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[Extract] Take a correct sequent of formal logic, perhaps a simple logical truth, like the law of excluded middle, or something with premises, like disjunctive syllogism, but basically a claim of the form Γ⊨ϕ.Footnote1 Such a sequent attributes the properties of logical truth or logical consequence to a schematic sentence or argument. This paper aims to answer the question of how beliefs in such attributions are justified, on both its descriptive and normative interpretations; I aim to say when we generally take ourselves to be justified in forming such beliefs, and to make it plausible that beliefs formed this way really are justified. We can ask such questions about many domains (e.g. unobserved matters of fact Hume [9]) but there are special difficulties for answering them in logic. Some of the difficulties stem from the fact that logic is thought to be necessary and a priori; it is difficult to account for both a priori justification, and justification for thinking that something couldn’t have been otherwise. Moreover, it is often thought that logic is epistemically basic; we normally think that it is permissible to presuppose logic in the justification of our beliefs in other domains—engineering and arithmetic, for example, and even in justifying everyday common sense beliefs—yet we are not supposed to presuppose claims from these other domains when justifying our beliefs about logic. Logical beliefs come first, epistemologically speaking. Probably that is a little fast. No doubt some parts of logic can be used to justify other parts, so that in the end it is only the basic logical laws for which these problems are really acute. So how are the basic laws of logic justified? What follows are three answers, two traditional (with a list of their familiar vices and virtues) and one new one, which I think is more promising.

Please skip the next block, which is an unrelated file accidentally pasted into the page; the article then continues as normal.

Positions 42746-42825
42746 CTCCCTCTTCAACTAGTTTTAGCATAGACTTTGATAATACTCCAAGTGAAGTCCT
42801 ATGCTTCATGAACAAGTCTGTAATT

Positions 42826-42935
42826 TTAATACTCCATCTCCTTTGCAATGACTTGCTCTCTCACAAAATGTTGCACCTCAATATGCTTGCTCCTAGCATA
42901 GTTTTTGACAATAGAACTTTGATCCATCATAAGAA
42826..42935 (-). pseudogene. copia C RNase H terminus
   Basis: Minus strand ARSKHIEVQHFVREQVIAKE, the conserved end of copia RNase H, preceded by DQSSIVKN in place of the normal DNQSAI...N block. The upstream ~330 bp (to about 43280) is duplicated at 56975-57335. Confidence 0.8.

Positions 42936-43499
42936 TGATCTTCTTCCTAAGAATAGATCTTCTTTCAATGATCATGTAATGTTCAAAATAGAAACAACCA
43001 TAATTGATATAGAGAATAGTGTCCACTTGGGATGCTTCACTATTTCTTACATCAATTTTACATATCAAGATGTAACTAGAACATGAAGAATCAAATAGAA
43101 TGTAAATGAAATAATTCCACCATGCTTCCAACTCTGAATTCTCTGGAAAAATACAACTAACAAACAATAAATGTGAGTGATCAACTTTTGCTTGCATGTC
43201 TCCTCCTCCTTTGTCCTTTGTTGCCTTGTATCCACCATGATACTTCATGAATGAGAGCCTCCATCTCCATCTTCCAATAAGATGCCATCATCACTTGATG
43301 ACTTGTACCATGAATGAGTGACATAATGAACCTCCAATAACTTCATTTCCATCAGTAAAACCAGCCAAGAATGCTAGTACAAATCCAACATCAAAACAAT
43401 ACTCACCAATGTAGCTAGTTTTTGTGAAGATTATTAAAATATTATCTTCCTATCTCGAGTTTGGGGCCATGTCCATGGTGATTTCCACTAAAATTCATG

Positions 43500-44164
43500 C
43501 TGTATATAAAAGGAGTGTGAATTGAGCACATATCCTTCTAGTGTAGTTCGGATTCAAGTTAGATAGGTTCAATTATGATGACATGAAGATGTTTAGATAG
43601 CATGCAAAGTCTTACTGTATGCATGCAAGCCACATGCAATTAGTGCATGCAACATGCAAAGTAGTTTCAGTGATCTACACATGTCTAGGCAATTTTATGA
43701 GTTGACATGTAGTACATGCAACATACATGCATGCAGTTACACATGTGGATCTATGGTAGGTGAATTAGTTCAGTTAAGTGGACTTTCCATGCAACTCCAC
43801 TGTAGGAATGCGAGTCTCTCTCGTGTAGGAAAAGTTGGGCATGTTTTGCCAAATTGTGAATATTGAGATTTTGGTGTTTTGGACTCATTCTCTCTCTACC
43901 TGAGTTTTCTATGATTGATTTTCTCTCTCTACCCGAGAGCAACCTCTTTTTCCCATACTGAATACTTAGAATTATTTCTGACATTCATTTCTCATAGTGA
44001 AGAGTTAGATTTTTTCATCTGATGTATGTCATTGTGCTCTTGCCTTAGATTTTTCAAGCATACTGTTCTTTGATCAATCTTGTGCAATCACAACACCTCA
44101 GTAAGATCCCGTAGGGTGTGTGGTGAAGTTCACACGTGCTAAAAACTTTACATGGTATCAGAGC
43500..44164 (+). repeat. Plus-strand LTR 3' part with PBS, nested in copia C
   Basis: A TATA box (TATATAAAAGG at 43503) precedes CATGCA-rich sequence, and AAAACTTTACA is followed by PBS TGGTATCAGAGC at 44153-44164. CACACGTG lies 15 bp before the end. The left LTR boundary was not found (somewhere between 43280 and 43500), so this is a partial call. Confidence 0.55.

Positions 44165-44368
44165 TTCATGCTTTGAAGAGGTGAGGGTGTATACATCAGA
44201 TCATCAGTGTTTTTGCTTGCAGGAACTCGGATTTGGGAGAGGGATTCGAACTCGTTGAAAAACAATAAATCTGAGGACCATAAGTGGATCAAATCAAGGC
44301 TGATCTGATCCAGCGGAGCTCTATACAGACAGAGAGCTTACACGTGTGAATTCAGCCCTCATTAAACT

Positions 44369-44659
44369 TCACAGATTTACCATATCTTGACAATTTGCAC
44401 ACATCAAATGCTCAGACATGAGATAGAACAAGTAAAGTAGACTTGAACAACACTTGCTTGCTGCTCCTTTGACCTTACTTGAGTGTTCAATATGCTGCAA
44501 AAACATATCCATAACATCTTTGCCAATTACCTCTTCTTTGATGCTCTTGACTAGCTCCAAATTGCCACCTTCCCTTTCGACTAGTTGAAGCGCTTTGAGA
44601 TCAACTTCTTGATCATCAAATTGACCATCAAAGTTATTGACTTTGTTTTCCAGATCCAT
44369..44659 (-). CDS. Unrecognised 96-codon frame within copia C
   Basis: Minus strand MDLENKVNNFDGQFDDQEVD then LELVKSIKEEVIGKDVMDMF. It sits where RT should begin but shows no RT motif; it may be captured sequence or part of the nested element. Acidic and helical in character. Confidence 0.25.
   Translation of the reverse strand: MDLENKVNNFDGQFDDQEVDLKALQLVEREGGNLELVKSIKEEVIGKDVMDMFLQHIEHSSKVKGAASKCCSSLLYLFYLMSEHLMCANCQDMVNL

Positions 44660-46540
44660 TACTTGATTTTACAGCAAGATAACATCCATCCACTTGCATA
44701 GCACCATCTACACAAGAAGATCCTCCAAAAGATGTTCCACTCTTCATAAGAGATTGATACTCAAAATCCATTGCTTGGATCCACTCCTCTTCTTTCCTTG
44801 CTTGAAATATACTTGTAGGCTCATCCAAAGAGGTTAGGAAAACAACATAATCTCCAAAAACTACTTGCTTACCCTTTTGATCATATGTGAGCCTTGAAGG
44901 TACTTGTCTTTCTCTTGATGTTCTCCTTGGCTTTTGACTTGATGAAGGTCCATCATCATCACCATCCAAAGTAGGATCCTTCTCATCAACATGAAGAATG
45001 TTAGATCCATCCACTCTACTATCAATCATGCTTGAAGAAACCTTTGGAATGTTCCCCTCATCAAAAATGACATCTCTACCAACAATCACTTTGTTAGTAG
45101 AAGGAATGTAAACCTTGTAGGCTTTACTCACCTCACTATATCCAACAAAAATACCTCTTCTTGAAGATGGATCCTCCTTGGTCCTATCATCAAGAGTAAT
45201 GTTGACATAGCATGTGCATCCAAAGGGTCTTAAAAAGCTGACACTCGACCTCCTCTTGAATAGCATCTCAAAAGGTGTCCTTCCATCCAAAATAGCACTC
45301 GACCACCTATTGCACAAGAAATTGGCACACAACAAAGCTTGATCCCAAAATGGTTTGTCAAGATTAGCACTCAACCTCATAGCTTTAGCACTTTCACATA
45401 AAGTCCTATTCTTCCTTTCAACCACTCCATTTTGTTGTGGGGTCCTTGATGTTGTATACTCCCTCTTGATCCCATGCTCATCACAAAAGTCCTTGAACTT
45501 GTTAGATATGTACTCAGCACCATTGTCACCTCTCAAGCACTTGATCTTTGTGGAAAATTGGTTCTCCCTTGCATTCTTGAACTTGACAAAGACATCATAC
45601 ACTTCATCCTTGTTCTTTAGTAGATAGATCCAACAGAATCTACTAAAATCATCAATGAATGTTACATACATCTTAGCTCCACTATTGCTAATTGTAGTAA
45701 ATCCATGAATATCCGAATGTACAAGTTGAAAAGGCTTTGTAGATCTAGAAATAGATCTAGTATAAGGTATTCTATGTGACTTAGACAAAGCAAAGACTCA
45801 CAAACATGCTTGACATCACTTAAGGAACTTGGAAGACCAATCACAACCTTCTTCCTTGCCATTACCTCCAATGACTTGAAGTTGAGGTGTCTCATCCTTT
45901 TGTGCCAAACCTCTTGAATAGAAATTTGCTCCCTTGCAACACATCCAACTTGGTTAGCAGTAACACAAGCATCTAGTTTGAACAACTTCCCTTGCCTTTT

Dianoia Institute of Philosophy

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